The Public Service Board approved in late December a Vermont Gas proposal to build the 43-mile, $86.6 million Addison Natural Gas Project to expand its service south along the western side of the state.
The first phase of the pipeline expansion project will temporarily impact about 23 acres of wetlands, according to the U.S. Army Corps of Engineers' public notice. A federal permit for the project is required by the Clean Water Act, which regulates the filling of wetlands.
All temporary fills for construction will be removed when the project is completed to non-wetland locations, the notice states.
Steve Wark, director of communications for Vermont Gas, said he expects the permit to be issued between February and mid-March. He said this will not delay the project's groundbreaking, and it is not expected to increase the costs of the pipeline expansion.
The pipeline project has been the subject of public controversy in Addison County, but has the support of the area's lawmakers and several towns along the proposed route.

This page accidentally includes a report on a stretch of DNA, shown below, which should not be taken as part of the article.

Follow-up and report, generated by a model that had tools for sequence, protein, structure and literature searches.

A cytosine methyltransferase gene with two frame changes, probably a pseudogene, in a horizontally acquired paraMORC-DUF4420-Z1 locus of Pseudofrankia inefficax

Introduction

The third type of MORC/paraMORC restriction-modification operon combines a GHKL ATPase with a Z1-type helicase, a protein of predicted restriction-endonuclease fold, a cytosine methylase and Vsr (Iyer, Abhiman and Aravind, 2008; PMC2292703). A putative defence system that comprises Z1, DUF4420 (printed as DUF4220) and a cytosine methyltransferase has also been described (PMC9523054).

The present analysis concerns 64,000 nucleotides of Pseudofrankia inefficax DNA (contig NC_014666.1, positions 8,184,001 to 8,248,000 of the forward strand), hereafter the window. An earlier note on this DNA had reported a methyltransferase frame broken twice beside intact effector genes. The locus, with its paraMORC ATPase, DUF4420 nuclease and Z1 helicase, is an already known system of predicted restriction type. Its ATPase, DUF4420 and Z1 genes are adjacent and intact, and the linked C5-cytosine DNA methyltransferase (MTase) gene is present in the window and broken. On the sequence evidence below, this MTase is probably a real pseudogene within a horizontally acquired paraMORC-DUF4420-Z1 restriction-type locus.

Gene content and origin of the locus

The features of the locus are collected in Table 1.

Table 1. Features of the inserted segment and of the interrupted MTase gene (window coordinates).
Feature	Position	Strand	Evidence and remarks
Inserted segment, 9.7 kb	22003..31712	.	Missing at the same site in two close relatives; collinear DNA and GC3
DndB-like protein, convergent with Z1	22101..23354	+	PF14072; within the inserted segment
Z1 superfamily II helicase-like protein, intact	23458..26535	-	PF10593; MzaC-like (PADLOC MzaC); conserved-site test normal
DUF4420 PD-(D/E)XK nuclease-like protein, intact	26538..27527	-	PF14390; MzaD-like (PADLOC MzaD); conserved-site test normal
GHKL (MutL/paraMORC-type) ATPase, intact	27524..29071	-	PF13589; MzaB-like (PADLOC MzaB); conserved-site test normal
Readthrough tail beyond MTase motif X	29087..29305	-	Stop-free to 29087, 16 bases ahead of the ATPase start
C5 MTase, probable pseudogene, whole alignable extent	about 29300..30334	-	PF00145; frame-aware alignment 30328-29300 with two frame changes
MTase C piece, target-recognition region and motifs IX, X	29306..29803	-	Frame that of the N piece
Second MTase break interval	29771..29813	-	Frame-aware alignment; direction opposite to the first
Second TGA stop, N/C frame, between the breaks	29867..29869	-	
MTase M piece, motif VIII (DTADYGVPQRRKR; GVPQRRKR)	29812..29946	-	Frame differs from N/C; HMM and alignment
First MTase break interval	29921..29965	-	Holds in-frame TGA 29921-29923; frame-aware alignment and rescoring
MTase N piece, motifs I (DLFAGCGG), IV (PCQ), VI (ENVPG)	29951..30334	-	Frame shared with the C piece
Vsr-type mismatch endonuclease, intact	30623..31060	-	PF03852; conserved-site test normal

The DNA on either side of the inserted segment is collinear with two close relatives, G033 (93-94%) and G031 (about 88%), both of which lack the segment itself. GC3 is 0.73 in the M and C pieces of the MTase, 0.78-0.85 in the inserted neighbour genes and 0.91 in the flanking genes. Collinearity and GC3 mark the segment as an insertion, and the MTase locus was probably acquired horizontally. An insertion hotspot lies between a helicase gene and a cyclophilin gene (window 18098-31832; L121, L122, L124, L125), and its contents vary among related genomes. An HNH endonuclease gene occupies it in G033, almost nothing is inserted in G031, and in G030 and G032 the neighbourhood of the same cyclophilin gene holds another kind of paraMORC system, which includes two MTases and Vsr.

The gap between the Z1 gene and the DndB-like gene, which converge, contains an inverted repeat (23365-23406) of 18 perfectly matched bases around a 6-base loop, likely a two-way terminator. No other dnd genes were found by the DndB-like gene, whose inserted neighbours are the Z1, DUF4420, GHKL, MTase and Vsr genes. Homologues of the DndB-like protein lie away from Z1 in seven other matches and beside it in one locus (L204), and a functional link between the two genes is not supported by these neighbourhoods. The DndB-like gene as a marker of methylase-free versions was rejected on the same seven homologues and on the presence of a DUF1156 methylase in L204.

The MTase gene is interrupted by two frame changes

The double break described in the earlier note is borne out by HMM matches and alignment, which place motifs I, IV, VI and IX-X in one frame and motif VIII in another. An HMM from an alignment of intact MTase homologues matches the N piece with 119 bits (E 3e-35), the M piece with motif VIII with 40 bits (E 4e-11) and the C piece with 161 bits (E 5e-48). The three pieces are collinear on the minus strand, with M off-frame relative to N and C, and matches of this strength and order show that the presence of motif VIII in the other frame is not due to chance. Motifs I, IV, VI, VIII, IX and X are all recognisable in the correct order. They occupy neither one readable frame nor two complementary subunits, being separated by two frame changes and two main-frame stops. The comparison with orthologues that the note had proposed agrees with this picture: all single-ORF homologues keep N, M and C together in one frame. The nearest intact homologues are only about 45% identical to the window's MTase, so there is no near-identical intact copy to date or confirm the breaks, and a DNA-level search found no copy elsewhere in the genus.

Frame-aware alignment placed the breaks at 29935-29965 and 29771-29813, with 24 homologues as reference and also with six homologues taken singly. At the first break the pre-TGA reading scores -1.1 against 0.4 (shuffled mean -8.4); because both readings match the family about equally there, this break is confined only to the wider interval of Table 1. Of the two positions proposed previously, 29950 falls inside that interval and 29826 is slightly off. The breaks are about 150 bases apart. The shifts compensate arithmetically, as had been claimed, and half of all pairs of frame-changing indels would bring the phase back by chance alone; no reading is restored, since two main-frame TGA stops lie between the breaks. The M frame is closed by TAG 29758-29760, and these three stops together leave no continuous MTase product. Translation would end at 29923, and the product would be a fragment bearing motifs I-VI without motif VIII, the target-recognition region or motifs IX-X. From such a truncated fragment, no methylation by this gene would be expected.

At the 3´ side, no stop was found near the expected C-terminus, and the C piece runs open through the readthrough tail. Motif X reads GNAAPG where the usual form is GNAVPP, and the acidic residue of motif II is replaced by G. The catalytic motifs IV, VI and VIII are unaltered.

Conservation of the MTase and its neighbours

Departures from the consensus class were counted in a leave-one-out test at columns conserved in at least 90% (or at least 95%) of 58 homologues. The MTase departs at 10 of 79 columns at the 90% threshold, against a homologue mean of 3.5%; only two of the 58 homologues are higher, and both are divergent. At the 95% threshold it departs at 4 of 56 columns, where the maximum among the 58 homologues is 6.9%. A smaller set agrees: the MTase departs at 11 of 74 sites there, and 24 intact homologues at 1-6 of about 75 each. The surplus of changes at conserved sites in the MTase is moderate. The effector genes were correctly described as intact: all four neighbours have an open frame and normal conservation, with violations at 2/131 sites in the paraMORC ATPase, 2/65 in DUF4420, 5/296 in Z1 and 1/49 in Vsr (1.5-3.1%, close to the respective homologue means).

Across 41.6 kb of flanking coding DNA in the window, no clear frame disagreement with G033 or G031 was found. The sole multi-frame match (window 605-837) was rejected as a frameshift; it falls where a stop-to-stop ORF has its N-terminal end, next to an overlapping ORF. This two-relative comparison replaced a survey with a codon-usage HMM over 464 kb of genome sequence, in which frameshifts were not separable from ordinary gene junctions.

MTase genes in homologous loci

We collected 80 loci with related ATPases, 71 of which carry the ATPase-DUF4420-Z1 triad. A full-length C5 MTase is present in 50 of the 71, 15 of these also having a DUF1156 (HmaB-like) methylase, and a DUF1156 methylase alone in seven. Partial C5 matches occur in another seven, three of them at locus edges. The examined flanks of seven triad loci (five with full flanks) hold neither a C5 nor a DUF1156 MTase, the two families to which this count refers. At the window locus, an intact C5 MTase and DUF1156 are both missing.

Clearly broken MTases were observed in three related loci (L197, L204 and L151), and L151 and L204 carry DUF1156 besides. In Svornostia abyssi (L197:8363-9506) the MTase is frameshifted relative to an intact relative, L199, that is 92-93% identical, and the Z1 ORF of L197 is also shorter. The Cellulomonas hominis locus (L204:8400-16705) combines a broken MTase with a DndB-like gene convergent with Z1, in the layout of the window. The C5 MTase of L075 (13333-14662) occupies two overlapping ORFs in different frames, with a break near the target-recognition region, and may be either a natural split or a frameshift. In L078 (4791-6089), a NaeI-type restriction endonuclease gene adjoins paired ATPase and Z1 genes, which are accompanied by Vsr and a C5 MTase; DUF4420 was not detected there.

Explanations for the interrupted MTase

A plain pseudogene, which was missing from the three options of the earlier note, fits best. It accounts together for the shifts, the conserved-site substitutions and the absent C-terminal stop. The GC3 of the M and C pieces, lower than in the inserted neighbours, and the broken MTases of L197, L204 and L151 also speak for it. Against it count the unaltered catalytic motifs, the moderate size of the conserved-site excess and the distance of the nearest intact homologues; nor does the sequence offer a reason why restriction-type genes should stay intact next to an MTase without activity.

Vergennes recently voted to support the pipeline during a municipal referendum in December. A group of landowners in Monkton have criticized the project and Vermont Gas' process of obtaining property easements.
Opponents say some of the gas that will pass through the pipeline is derived from the process of hydraulic fracturing, or fracking, and is harmful to the environment.
Vermont Gas also has applied to the PSB for the second phase of the pipeline expansion, which would connect Middlebury to the International Paper mill in Ticonderoga, N.Y. The second phase of the expansion would move the utility closer to completing its final proposed extension to service Rutland, Vermont Gas officials have said.
Public comments on the permit application should be submitted before Jan. 24 to the U.S. Army Corps of Engineers Permit Project Manager Michael Adams at 802-872-2893 or 978-318-8485 or by email to michael.s.adams@usace. army.mil.